Gospel Meditations

GOSPEL MEDITATION FOR
29 JUNE, 2017, THURSDAY OF THE 12TH WEEK IN ORDINARY TIME
BY REV FR ERBIN FERNANDEZ & CSC TEAM
COPYRIGHTS RESERVED.

“BLESSED ARE YOU, SIMON SON OF JONAH” (MATTHEW 16:17)

GOSPEL: MATTHEW 16:13-19

http://www.universalis.com/20170629/mass.htm

(I sense Jesus wanting to meet me. I prayerfully call upon the Holy Spirit to be present. I prayerfully read today’s gospel passage slowly once through. I sit in silence for a few minutes with the gospel text. I now pray through the following meditation. I allow the Holy Spirit to lead me, pausing wherever I need to.)

`This passage is taken by the Roman Catholic Church to mean that to Peter were given the keys which admit or exclude a man from heaven, and that to Peter was given the power to absolve or not to absolve a man from his sins. It is further argued by the Roman Catholic Church that Peter, with these tremendous rights, became the bishop of Rome; and that this power descended to all the bishops of Rome; and that it exists today in the Pope, who is the head of the Church and the Bishop of Rome. There is a play on words. In Greek Peter is Petros and a rock is petra. Peter’s Aramaic name was Kephas, and that also is the Aramaic for a rock. In either language there is here a play upon words. Immediately Peter had made his great discovery and confession, Jesus said to him: “You are petros, and on this petraI will build my Church.” Whatever else this is, it is a word of tremendous praise. It is a metaphor which is by no means strange or unusual to Jewish thought. The Rabbis applied the word rock to Abraham. They had a saying: “When the Holy One saw Abraham who was going to arise, he said, ‘Lo, I have discovered a rock (petra) to found the world upon.’ Therefore he called Abraham rock (tsuwr), as it is said: ‘Look unto the rock whence ye are hewn.’” Abraham was the rock on which the nation and the purpose of God were founded.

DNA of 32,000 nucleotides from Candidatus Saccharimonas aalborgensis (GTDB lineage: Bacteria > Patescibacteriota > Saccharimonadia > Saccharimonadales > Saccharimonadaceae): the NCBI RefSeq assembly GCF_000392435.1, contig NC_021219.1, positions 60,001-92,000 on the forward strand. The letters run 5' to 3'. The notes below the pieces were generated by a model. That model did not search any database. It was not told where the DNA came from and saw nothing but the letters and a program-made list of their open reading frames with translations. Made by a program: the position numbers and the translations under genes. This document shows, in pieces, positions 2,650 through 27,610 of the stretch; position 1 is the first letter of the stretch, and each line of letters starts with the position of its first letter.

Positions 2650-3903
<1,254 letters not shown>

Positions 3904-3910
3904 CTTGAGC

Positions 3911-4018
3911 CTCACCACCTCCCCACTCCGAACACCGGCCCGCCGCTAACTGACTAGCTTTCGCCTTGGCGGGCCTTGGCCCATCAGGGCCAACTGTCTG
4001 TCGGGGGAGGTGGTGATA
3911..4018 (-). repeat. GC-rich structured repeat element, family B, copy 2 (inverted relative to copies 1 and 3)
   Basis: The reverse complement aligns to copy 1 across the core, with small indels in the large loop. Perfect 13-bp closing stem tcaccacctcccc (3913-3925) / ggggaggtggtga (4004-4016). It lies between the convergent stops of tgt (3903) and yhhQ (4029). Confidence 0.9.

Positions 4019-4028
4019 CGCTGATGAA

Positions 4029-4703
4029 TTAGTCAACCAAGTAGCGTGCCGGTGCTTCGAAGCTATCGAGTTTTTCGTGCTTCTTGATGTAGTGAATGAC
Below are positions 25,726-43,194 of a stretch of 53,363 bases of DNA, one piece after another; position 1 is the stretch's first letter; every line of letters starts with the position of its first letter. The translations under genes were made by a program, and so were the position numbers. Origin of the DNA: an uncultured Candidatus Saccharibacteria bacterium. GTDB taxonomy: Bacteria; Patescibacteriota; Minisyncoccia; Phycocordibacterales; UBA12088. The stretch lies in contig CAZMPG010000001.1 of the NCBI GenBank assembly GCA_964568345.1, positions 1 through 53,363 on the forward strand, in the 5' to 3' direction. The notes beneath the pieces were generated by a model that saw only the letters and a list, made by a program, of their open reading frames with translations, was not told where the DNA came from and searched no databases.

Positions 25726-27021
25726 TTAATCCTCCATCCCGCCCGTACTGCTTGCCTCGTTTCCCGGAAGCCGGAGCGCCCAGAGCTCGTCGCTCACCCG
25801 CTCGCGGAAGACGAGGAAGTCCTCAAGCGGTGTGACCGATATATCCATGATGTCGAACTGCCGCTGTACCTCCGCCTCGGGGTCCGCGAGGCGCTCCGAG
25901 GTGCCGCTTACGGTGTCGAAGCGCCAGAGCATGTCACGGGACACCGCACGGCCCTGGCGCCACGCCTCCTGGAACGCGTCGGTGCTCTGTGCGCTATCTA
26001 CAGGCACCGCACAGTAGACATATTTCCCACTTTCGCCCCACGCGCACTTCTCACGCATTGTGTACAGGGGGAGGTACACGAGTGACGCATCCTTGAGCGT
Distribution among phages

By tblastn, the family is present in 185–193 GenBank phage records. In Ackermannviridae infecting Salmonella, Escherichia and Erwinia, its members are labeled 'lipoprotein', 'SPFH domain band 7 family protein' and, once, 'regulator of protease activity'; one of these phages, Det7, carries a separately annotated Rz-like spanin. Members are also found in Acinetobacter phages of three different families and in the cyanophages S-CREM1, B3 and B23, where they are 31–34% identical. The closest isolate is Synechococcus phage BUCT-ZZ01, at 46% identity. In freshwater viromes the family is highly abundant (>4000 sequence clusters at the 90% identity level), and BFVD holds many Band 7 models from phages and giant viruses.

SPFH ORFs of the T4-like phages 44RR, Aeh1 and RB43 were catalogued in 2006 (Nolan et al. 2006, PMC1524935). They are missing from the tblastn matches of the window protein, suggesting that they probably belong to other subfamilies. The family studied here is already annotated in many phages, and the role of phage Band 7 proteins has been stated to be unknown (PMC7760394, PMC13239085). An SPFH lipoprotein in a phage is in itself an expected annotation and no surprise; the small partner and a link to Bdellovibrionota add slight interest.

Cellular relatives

One thing is clear. To call anyone a rock was the greatest of compliments; and no Jew who knew his Old Testament could ever use the phrase without his thoughts turning to God, who alone was the true rock of his defence and salvation. What then did Jesus mean when in this passage he used the word rock? To that question at least four answers have been given. Augustine took the rock to mean Jesus himself. It is as if Jesus said: “You are Peter; and on myself as rock I will found my Church; and the day will come when, as the reward of your faith, you will be great in the Church.” The second explanation is that the rock is the truth that Jesus Christ is the Son of the living God. To Peter that great truth had been divinely revealed. The fact that Jesus Christ is the Son of God is indeed the foundation stone of the Church’s faith and belief, but it hardly seems to bring out the play on words which is here. The third explanation is that the rock is Peter’s faith. On the faith of Peter the Church is founded. That faith was the spark which was to kindle the faith of the world-wide Church. It was the initial impetus which was one day to bring the universal Church into being. The last interpretation is still the best. It is that Peter himself is the rock, but in a special sense. He is not the rock on which the Church is founded; that rock is God. He is the first stone of the whole Church. Peter was the first man on earth to discover who Jesus was; he was the first man to make the leap of faith and see in him the Son of the living God. In other words, Peter was the first member of the Church, and, in that sense, the whole Church is built on him. It is as if Jesus said to Peter: “Peter, you are the first man to grasp who I am; you are therefore the first stone, the foundation stone, the very beginning of the Church which I am founding.” And in ages to come, everyone who makes the same discovery as Peter is another stone added into the edifice of the Church of Christ.`1